Of the 1.4 billion people who call India home, 900 million reside in villages and the ‘active internet users’ in rural India have grown by 45% since 2019. While one may wonder if there is any sustainable solution to healthcare access problem in rural setting, its indeed inspiring to see many start-ups who have identified the gaps in infrastructure and aspire to fill them with innovative solutions. Not only has this broadened the potential scope for empowering the underserved, but it has also paved way for technologies that depend on ready availability of internet to solve some of the most basic problems endemic to rural India.
For instance, walking hundreds of miles for a doctor’s consultation is now tackled with telemedicine. And similarly, where access to healthcare infrastructure and equipment has been an issue, internet powered Point-Of-Care Testing (POCT) devices have assuaged it. Now, it is possible for even the remotest parts of the country, including the often-neglected tribal belts to obtain diagnosis of their ailments through IoT-powered POCT devices.
While the potential for POCT to establish equitable healthcare for the underserved was clear, there was inertia in adopting such technologies at scale. The needed impetus to cross the critical threshold came in the form of the pandemic which shifted the point of collection/testing from laboratories/hospitals to at/near home locations.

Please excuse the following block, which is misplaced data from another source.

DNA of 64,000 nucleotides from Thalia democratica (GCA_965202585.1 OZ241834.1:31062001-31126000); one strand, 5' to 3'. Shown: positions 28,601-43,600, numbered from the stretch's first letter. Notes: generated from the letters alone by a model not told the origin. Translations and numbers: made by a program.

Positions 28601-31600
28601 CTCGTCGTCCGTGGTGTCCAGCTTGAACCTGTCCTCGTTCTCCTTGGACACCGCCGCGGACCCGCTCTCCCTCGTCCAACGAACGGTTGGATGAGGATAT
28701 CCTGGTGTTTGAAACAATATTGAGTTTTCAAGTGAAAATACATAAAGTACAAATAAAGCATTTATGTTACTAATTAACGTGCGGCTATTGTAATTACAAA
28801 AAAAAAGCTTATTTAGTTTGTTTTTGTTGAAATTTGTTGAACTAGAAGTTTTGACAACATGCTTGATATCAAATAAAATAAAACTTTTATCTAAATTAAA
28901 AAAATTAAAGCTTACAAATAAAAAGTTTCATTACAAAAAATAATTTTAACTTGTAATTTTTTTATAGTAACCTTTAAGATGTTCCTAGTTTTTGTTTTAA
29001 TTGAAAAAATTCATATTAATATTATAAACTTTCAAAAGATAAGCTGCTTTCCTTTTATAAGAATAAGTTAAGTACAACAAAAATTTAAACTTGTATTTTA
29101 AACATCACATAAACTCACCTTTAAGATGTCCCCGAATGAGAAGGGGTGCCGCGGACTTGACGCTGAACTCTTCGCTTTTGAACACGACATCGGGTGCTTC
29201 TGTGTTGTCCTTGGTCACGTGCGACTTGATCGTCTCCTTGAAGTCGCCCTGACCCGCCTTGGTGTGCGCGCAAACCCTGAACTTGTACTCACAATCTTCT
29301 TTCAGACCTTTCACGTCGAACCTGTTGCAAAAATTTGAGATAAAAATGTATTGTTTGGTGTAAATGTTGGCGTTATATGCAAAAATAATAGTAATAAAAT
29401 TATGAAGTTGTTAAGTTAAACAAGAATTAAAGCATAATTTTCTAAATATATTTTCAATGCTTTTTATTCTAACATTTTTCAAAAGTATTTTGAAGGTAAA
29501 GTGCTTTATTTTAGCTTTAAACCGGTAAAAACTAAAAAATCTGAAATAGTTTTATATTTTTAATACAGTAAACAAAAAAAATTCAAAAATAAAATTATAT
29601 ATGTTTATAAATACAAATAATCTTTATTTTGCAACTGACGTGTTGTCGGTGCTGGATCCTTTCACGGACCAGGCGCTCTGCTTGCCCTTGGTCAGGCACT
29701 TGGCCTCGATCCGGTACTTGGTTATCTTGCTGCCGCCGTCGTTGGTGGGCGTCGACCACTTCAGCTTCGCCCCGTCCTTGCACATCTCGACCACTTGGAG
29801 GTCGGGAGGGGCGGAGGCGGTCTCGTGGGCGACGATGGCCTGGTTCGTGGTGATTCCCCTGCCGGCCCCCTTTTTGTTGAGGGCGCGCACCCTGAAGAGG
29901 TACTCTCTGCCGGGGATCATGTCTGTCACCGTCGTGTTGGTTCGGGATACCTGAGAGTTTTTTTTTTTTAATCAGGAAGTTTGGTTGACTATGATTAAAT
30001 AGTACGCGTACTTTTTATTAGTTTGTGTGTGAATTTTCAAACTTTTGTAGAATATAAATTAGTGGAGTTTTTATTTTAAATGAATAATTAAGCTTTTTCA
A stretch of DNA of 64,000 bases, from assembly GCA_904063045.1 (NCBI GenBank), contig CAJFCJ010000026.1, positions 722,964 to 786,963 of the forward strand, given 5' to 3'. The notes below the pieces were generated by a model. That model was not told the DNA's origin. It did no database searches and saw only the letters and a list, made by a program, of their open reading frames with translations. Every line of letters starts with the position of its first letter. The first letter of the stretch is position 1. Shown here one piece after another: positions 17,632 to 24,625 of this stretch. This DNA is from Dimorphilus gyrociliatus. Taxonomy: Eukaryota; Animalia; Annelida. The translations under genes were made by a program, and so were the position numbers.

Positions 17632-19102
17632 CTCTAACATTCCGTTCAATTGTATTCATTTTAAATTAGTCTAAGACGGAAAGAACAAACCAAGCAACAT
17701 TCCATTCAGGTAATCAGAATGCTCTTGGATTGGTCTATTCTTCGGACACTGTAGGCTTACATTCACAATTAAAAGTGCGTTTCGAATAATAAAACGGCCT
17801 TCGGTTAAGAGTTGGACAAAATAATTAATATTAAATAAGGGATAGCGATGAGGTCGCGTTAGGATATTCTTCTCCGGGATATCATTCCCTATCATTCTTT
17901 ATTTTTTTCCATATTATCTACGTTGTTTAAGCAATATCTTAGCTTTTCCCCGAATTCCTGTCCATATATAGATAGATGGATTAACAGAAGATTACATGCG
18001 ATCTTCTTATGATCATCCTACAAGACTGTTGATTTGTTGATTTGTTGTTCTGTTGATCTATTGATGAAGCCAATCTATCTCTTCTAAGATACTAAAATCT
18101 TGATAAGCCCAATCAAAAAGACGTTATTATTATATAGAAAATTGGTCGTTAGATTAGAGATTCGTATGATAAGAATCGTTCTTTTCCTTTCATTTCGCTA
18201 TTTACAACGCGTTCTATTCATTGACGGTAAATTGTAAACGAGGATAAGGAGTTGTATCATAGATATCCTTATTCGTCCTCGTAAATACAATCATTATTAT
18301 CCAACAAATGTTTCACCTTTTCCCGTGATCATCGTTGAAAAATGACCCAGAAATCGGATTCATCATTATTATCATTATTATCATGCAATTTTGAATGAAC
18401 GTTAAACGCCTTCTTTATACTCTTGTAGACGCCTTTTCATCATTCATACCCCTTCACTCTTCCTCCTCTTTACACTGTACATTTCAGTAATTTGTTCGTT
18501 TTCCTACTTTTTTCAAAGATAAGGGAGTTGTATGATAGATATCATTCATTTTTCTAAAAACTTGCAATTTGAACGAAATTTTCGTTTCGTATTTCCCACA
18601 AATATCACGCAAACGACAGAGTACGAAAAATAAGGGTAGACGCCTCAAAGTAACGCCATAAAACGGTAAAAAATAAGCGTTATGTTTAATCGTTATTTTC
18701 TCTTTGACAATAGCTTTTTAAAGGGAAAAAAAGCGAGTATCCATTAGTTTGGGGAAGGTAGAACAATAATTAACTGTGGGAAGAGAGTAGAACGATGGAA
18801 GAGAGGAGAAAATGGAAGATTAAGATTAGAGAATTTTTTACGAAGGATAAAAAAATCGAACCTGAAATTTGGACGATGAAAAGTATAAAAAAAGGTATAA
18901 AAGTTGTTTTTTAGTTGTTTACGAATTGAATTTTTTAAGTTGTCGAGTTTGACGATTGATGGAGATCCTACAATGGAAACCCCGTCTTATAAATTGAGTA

The government of India has progressively invested in digitizing their services through the NDHM platform and has strived to leverage the COVID-19 crisis as an opportunity to focus on healthcare. Fresh impetus has been given to relevant organizations like National Health Authority (NHA).
After undergoing pilot in August of 2020 in 6 union territories of India, the National Digital Health Mission is set to roll out with the objective of integrating the digital health infrastructure of the country. It seeks to bridge the existing gap among different stakeholders in India’s healthcare ecosystem through digital highways.
The systems that are being built as part of the digital ecosystem are digital health ID, a registry of doctors called Digi-doctor, health facility registry, personal health record and electronic health record. Out of the above, it has been reported that health ID, records of doctors and health facilities are now operational.
Following completion of the intervention, participants completed 8-week post-enrollment and 16-week post-enrollment surveys and participated in semi-structured exit interviews.